Peripheral nerve grafts promoting central nervous system regeneration after spinal cord injury in the primate

Allan D.O. Levi, Hector Dancausse, Xiuming Li, Suzanne Duncan, Laura Horkey, Maria Oliviera

Research output: Contribution to journalArticlepeer-review

68 Scopus citations


Object. Partial restoration of hindlimb function in adult rats following spinal cord injury (SCI) has been demonstrated using a variety of transplantation techniques. The purpose of the present study was twofold: 1) to determine whether strategies designed to promote regeneration in the rat can yield similar results in the primate; and 2) to establish whether central nervous system (CNS) regeneration will influence voluntary grasping and locomotor function in the nonhuman primate. Methods. Ten cynomologus monkeys underwent T-11 laminectomy and resection of a 1-cm length of hemispinal cord. Five monkeys received six intercostal nerve autografts and fibrin glue containing acidic fibroblast growth factor (2.1 μg/ml) whereas controls underwent the identical laminectomy procedure but did not receive the nerve grafts. At 4 months postgrafting, the spinal cord-graft site was sectioned and immunostained for peripheral myelin proteins, biotinylated dextran amine, and tyrosine hydroxylase, whereas the midpoint of the graft was analyzed histologically for the total number of myelinated axons within and around the grafts. The animals underwent pre- and postoperative testing for changes in voluntary hindlimb grasping and gait. Conclusions. 1) A reproducible model of SCI in the primate was developed. 2) Spontaneous recovery of the ipsilateral hindlimb function occurred in both graft- and nongraft-treated monkeys over time without evidence of recovering the ability for voluntary tasks. 3) Regeneration of the CNS from proximal spinal axons into the peripheral nerve grafts was observed; however, the grafts did not promote regeneration beyond the lesion site. 4) The grafts significantly enhanced (p < 0.0001) the regeneration of myelinated axons into the region of the hemisected spinal cord compared with the nongrafted animals.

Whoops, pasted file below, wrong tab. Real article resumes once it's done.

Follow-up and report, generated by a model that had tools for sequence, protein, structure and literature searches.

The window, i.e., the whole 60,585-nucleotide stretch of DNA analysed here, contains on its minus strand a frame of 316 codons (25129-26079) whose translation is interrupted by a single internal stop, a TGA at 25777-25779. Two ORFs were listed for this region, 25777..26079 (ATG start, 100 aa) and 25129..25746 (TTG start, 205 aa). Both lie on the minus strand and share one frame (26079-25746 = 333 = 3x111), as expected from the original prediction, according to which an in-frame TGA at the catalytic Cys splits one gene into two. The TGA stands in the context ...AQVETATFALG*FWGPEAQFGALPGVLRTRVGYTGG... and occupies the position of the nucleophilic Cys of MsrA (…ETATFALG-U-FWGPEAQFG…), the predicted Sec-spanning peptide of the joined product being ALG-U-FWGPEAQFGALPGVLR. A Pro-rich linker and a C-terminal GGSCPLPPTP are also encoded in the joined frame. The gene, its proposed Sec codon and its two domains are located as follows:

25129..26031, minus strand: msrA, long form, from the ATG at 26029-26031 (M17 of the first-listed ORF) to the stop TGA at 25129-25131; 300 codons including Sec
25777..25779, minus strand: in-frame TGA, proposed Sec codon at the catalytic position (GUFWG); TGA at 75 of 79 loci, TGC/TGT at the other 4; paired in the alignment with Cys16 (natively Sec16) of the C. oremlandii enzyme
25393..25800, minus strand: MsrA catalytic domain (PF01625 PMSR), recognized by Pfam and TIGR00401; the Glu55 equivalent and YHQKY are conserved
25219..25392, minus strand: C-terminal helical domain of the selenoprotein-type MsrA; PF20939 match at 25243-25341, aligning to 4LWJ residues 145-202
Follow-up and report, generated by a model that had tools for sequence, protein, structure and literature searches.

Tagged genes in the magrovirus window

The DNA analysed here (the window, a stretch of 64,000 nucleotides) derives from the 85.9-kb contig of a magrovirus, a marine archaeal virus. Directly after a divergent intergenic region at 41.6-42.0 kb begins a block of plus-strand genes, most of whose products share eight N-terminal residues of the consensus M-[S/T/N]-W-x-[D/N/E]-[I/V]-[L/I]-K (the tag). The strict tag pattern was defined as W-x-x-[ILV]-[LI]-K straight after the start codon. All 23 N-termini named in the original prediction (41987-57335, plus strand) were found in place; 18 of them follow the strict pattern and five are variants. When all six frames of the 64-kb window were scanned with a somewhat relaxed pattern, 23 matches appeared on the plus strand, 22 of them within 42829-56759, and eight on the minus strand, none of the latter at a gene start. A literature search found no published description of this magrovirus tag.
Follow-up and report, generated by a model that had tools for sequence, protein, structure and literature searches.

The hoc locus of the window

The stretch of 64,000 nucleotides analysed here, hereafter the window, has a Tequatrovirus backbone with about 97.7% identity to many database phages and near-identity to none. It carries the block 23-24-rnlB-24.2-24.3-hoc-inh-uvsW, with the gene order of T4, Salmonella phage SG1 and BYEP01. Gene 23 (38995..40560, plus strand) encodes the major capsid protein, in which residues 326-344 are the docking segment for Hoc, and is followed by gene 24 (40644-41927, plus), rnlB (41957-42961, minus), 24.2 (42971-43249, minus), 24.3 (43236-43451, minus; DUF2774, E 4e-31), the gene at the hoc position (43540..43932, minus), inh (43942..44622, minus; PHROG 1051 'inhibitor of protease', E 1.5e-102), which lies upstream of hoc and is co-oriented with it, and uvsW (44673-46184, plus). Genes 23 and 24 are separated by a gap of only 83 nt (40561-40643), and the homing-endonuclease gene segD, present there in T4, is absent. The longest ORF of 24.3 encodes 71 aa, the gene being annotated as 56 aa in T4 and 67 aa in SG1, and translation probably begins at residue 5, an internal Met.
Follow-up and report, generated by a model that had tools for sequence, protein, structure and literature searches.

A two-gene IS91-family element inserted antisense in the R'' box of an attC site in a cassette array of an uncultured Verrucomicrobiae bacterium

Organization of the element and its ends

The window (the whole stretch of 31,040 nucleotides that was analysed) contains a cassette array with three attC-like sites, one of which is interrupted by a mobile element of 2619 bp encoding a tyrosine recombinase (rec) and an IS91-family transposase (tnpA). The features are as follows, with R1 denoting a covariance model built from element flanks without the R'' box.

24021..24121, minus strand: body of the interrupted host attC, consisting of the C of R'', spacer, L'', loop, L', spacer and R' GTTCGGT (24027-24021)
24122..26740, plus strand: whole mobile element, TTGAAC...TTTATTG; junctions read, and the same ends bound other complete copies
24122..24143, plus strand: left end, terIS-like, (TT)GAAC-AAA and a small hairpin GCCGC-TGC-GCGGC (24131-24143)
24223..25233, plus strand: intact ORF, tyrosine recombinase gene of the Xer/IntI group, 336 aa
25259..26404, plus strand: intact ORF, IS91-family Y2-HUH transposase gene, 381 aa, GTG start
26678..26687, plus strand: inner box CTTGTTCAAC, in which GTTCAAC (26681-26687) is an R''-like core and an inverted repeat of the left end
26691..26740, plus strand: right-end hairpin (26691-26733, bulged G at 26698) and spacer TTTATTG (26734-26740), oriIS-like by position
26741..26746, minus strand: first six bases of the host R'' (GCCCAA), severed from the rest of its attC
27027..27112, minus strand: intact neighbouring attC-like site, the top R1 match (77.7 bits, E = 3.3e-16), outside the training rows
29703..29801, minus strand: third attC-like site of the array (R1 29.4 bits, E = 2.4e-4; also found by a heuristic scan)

Original languageEnglish (US)
Pages (from-to)197-205
Number of pages9
JournalJournal of neurosurgery
Issue number2 SUPPL.
StatePublished - Jan 1 2002


  • Peripheral nerve graft
  • Primate
  • Regeneration
  • Spinal cord injury

ASJC Scopus subject areas

  • Clinical Neurology
  • Neuroscience(all)


Dive into the research topics of 'Peripheral nerve grafts promoting central nervous system regeneration after spinal cord injury in the primate'. Together they form a unique fingerprint.

Cite this